The ABS has compiled conventional economic indicators for foreign trade and foreign direct investment within the framework defined in the Balance of Payments Manual, (5th edition) for many years. While these statistics provide some structural information, the ABS has not regularly compiled statistics on the economic activity of MNEs. In recent years, the ABS has embarked on a series of case studies to synthesise activity data for MNEs from other related data sources. Early studies examined new capital expenditure by foreign-owned MNEs, the economic activity of foreign-owned MNEs in the mining and information technology industries, and research and development activities of foreign-owned MNEs in Australia.


The most recent study covered the economic activities of identified majority foreign-owned businesses in the Australian economy, covering employing private sector businesses in all industries except agriculture, forestry and fishing. That study provided a range of globalisation indicators consistent with the framework in MEGI. The study also provided some of the required indicators for inward FATS, specifically: number of businesses; employment; value added; gross fixed capital formation; gross operating surplus; and total assets. However, like the previous studies, it was unable to identify the activities of Australian-owned MNEs. The current study was also designed to provide information on these activities.



ANALYSIS OF RESULTS


KEY MEASURES

Key measures of Australian outward foreign affiliates trade include:

  • Number of foreign affiliates.
  • Employment by foreign affiliates.
  • Wages and salaries of foreign affiliates.
  • Sales of goods and services by foreign affiliates.
  • Purchases of goods and services by foreign affiliates.


KEY POINTS

Main findings for 2002-03 include:
  • Australian enterprise groups had 4,012 foreign affiliates employing 321,924 staff.
  • Foreign affiliates of Australian resident enterprise groups generated $142.3b in sales revenue for goods and services.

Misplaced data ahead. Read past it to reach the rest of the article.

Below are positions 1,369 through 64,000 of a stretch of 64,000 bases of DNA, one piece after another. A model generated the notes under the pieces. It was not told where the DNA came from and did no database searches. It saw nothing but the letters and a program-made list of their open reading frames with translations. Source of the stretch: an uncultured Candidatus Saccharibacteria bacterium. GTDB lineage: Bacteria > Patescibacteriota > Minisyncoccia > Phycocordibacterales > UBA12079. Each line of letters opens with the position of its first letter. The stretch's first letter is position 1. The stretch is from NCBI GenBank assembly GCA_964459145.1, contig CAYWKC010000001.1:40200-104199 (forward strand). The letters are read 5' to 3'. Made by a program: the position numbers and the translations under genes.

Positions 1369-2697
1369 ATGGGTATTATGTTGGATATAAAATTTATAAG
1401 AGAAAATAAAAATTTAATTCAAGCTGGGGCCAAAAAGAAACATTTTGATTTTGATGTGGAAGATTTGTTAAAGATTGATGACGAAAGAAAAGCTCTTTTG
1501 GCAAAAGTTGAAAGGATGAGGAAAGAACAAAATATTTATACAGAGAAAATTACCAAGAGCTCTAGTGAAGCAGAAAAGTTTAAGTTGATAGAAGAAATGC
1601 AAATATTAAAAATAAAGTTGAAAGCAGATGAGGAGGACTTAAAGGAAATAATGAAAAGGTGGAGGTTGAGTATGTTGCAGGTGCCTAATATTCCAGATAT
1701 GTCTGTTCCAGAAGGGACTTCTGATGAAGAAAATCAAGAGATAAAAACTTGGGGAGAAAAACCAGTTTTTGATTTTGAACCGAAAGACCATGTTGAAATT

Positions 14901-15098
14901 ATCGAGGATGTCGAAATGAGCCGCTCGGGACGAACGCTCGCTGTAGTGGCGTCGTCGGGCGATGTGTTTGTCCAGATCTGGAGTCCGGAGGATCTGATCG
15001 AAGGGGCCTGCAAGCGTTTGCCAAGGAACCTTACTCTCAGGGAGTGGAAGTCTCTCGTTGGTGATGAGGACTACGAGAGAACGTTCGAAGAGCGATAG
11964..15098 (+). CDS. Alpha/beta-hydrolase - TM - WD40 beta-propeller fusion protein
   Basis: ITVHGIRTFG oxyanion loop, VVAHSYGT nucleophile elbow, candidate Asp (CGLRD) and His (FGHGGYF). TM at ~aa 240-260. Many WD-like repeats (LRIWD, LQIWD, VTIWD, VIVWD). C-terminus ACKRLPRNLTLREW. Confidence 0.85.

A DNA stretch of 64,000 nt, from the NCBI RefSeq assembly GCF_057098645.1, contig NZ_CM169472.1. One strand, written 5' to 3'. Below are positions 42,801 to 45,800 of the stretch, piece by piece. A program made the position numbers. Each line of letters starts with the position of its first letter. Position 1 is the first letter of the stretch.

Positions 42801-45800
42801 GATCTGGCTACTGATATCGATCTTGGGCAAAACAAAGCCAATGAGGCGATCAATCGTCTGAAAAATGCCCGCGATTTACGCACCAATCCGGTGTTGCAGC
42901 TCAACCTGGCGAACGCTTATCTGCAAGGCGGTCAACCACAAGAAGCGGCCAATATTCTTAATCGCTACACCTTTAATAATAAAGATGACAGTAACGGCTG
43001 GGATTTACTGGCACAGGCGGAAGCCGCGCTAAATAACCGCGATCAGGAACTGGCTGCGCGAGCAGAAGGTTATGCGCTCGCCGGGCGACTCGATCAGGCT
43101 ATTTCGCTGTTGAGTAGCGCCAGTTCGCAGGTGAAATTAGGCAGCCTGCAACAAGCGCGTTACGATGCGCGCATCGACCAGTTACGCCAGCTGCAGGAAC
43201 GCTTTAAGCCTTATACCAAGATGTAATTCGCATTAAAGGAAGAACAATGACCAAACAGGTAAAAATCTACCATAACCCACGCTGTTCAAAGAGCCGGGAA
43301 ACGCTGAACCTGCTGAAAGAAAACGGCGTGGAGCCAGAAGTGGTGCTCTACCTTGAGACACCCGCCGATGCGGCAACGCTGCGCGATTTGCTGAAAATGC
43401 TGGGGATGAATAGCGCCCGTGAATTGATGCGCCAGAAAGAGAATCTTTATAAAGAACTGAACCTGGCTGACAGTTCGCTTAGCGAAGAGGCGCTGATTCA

• Foreign affiliates of Australian-owned enterprise groups dominated, with more than an 80% contribution to all key measures.
  • Foreign affiliates of foreign-owned Australian resident enterprise groups had a much greater focus in Asia-Pacific compared to Europe or the Americas, whereas trade activity of foreign affiliates of Australian-owned enterprise groups was more evenly spread across all regions.
  • Manufacturing was the dominant industry of foreign affiliates, with sales revenue of $36.7b (26% of total sales) and employing 120,368 staff (37% of total employment).
  • Foreign affiliates domiciled in New Zealand, the United Kingdom and the United States of America predominated in all key measures; together they accounted for more than 50% for all key measures.
  • Foreign affiliates were primarily established to service the markets where they were domiciled, with around 90% of sales of goods and services in the host country of the foreign affiliate.
  • Foreign affiliates operated in similar industries to those of their Australian parent.


ANALYSIS

KEY MEASURES, BY COUNTRY OF FOREIGN AFFILIATE

The United Kingdom, New Zealand and the United States of America dominated all key measures of Australian outward foreign affiliates trade (see table 1). These three countries combined accounted for more than 50% of each key measure. Graph 1 shows the percentage contribution by the United Kingdom, New Zealand and the United States of America for each key measure.